THE SEARCH FOR OUR ROOTS
Finding, or reinstating, founding mothers, has been a central task of women’s studies and/or feminist perspectives, in many disciplines. Dale Spender (1983) for example, published a book of founding mothers. Lynn McDonald (1994) wrote on women who developed social research methods. Yeo (1997) includes papers on several possible founding mothers who deserve to be alongside Wollstonecraft. Lengermann and Niebrugge-Brantley (1998) produced a book on women founders of sociology. These four reference works were all produced by women of my generation, and focus primarily on scholars who lived and wrote in the eighteenth and nineteenth centuries. They wrote either before First Wave feminism, or were important First Wave figures. For people reading this book who were born during Third Wave feminism, however, there are women from the twentieth century who have to be classified as ‘founding mothers’, because their work has slid away into the past.
There is considerable agreement about who were the founding mothers of sociology and anthropology among feminists, but any list produced also reveals how different the histories of the disciplines are in the USA and in the UK. In anthropology, there are quite distinct ‘lists’ of founding mothers, reflecting the very different ways in which anthropology has developed in the two cultures. Among the feminist thinkers claimed as founding mothers of feminist sociology, the ideas of Mary Wollstonecraft (1759-97) (see Yeo, 1997), Harriet Martineau (1802-76), and Beatrice Webb (1858-1943) are usually highlighted. Sklar’s (1973) biography and exegesis of Catherine Beecher’s (1813-73) work make a powerful case for Beecher as a vital intellectual link between de Tocqueville and Parsons. Beecher does not figure in revisionist pantheons of historic women sociologists,
but her ideas on gender, the family and democracy fit perfectly into the evolution of American sociology. In anthropology, feminists in the USA see foundational motherhood in Elsie Clews Parsons, Ruth Benedict, Nora Zeale Huston, Ella Deloria, Ruth Landes and Margaret Mead. The collection by Behar and Gordon (1995) focuses on reinstating such key figures in the history of American anthropology. The view of the discipline in Britain contains quite different women, who worked all over the commonwealth, including Brenda Seligman, Camilla Wedgewood in the first generation, and subsequently Hilda Beemer Kuper, Audrey Richards, Monica Hunter Wilson and Hortense Powdermaker. There could even be a case made for treating Jane Harrison as a founding mother of social science (Beard, 2000). None of these women is revered by American feminists. Margaret Mead, in particular, is seen very differently in the USA and the UK. Rossiter (1982, 1995) and Rosenberg (1982) explore the lives of American pioneers in these social sciences.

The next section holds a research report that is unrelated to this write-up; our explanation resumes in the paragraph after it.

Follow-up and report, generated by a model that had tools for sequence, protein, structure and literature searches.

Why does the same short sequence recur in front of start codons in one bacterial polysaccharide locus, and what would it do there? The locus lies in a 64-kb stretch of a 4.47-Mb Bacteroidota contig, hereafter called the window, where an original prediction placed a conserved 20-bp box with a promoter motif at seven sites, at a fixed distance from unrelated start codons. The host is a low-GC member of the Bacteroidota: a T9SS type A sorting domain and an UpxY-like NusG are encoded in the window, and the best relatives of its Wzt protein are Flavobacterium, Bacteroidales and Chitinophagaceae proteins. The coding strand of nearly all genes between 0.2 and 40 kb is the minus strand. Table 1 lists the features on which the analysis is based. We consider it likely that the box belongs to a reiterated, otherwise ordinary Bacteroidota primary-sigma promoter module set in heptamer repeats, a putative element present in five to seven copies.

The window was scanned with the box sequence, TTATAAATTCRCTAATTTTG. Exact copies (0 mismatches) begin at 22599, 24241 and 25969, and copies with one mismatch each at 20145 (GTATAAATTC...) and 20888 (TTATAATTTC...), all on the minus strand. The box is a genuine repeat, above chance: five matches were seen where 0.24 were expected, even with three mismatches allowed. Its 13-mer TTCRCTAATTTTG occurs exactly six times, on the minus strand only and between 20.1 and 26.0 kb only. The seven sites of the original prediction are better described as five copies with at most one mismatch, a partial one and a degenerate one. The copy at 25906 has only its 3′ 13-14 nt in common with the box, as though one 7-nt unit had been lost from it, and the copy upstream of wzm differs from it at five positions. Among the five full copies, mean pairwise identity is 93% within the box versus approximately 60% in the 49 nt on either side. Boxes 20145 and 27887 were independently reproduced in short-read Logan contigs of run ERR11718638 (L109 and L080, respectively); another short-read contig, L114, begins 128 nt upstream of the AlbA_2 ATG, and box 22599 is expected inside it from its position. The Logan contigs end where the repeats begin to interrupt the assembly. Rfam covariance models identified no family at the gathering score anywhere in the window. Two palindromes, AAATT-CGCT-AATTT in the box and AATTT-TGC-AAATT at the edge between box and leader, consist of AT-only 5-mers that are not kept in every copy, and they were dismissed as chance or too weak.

Different types of feminist sociologist also revere and promote different women from the past. Marxist feminists are more enthusiastic about Alexandra Kollantai and Rosa Luxemburg, or even Eleanor Marks. Radical feminists are more enthusiastic about lesbians in the First Wave. Sheila Jeffreys (1985, 1987), for example, has reinstated Elizabeth Wolstenholme Elmy as a founding mother. Simone de Beauvoir is recognised as a founding mother by many feminists, although she was a philosopher not a sociologist (Moi, 1994).
Of course, which women we choose to reinstate and promote depends on our current conception of what sociology is. A writer on sexuality will be looking for different pioneers from one writing on trade unionism or medicine. This volume focuses not so much on unearthing lost women sociologists but rather explaining their erasure, and re-inserting them into the conventional histories. In the rest of the chapter, the focus is on one department of sociology in the USA. The story of the women of the Chicago School and of the ways in which that story is told and retold provides insight into the fate of founding mothers and of those who try to reinstate them. There is no British research on any set of women who have been systematically excluded from sociology. Whether this is because no such women exist, or because no researchers have (re)discovered any is not clear. The lessons we can draw from the (re)discovery of the Chicago women are as valid for British sociology as for American.
What is absolutely clear is that each generation of women sociologists has to rediscover the founding mothers, because they are not being (re)placed, i. e. reinstated in the malestream history of the discipline. Histories of the discipline written in 1960 ignored women, so too do histories written in 2000.
CHICAGO SOCIOLOGY: THE ARCHETYPICAL CASE?